Not sure what "raging debate" you are referring to. But, if you mean the creationism vs. evolution debate, that doesn't demonstrate anything at all about science. Instead, it demonstrates how deeply the misunderstandings about science run in this country.

I do agree that science isn't perfect. But it's the best system humans have ever devised.

quote:
It's interesting that an intelligent being created the rules for the game and the baseball diamond and other intelligent beings make sure that the rules are followed.

Well, if you think so, who am I to argue? Of course, that has no bearing whatsoever on the present discussion. In particular, it has nothing to do with whether science is atheism.


For we know that our patchwork heritage is a strength, not a weakness. We are a nation of Christians and Muslims, Jews and Hindus -- and non-believers. -- Barack Obama

We see monsters where science shows us windmills. -- Phat


This message is a reply to:
 Message 43 by alaninnont, posted 04-01-2009 7:31 PM alaninnont has not yet responded

  
subbie
Member (Idle past 155 days)
Posts: 3509
Joined: 02-26-2006


Message 46 of 65 (504915)
04-04-2009 10:27 PM
Reply to: Message 45 by alaninnont
04-04-2009 9:09 AM


quote:
The earth is millions or billions of years old.

Billions, 4.54 billion, give or take.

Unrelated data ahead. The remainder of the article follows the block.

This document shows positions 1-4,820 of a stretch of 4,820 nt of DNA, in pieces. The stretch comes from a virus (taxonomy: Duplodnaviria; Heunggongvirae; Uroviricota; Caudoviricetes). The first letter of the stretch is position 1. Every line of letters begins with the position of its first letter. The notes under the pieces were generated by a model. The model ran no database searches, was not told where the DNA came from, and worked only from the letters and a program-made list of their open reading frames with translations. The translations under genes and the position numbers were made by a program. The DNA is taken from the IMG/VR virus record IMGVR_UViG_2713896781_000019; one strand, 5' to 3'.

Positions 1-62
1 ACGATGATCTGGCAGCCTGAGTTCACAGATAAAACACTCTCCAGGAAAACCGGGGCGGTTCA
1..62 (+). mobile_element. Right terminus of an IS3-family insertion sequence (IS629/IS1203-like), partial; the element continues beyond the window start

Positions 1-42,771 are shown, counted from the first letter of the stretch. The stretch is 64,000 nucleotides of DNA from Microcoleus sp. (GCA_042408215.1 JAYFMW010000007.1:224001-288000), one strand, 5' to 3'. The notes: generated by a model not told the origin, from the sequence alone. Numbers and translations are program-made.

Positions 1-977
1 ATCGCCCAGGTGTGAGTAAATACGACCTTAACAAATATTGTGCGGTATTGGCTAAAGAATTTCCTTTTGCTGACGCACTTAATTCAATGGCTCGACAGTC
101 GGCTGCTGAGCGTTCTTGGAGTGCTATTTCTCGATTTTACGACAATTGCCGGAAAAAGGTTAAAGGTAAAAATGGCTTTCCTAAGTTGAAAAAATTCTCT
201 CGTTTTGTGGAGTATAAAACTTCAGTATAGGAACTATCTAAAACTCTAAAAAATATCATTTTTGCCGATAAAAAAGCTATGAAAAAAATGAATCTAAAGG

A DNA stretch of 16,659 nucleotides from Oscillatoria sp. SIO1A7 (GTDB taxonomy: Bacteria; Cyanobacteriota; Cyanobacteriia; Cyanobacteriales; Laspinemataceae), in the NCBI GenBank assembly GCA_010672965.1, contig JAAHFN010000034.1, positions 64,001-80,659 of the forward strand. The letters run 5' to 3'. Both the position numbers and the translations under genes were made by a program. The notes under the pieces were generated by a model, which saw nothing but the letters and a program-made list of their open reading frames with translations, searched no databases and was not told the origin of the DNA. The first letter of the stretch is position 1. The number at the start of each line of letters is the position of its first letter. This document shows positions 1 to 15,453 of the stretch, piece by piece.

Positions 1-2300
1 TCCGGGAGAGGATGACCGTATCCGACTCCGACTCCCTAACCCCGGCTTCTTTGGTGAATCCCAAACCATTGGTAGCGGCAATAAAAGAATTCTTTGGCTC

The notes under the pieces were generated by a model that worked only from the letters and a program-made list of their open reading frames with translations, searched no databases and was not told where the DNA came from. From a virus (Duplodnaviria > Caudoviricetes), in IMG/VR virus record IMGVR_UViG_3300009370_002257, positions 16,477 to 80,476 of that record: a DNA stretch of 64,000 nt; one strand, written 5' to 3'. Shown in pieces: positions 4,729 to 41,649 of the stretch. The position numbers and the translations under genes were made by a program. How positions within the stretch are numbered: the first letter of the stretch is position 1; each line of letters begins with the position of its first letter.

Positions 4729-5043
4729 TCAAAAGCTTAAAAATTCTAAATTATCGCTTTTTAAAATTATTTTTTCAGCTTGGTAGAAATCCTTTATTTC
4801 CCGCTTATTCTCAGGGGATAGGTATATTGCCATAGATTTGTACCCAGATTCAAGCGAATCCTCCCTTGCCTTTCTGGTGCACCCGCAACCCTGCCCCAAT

quote:
Simple organisms appeared earliest in earth's history according to fossils and continued in a trend toward more complex organisms.

Well, as you've discovered in a different thread, where life begins is subject to debate, depending on how terms are defined. Most likely the first organisms were very simple ones, but they were preceded by organic molecules. And, while it's true that simple organisms became more complex, don't confuse evolution with gaining complexity.

The earliest organisms were most likely simple because simple organisms were the most likely to appear. And, subsequent organisms became more complex because that was the only direction to move if it all began with simplest. However, there's nothing inherent in the theory of evolution that would necessarily favor the complex over the simple. Evolution is all about reproductive success. If, in a given environment, a more complex organism would have more success, then that organism would flourish. If a simpler organism would do better, then that organism would flourish. There are advantages to each type and disadvantages. But evolution doesn't require or predict a general trend in either direction.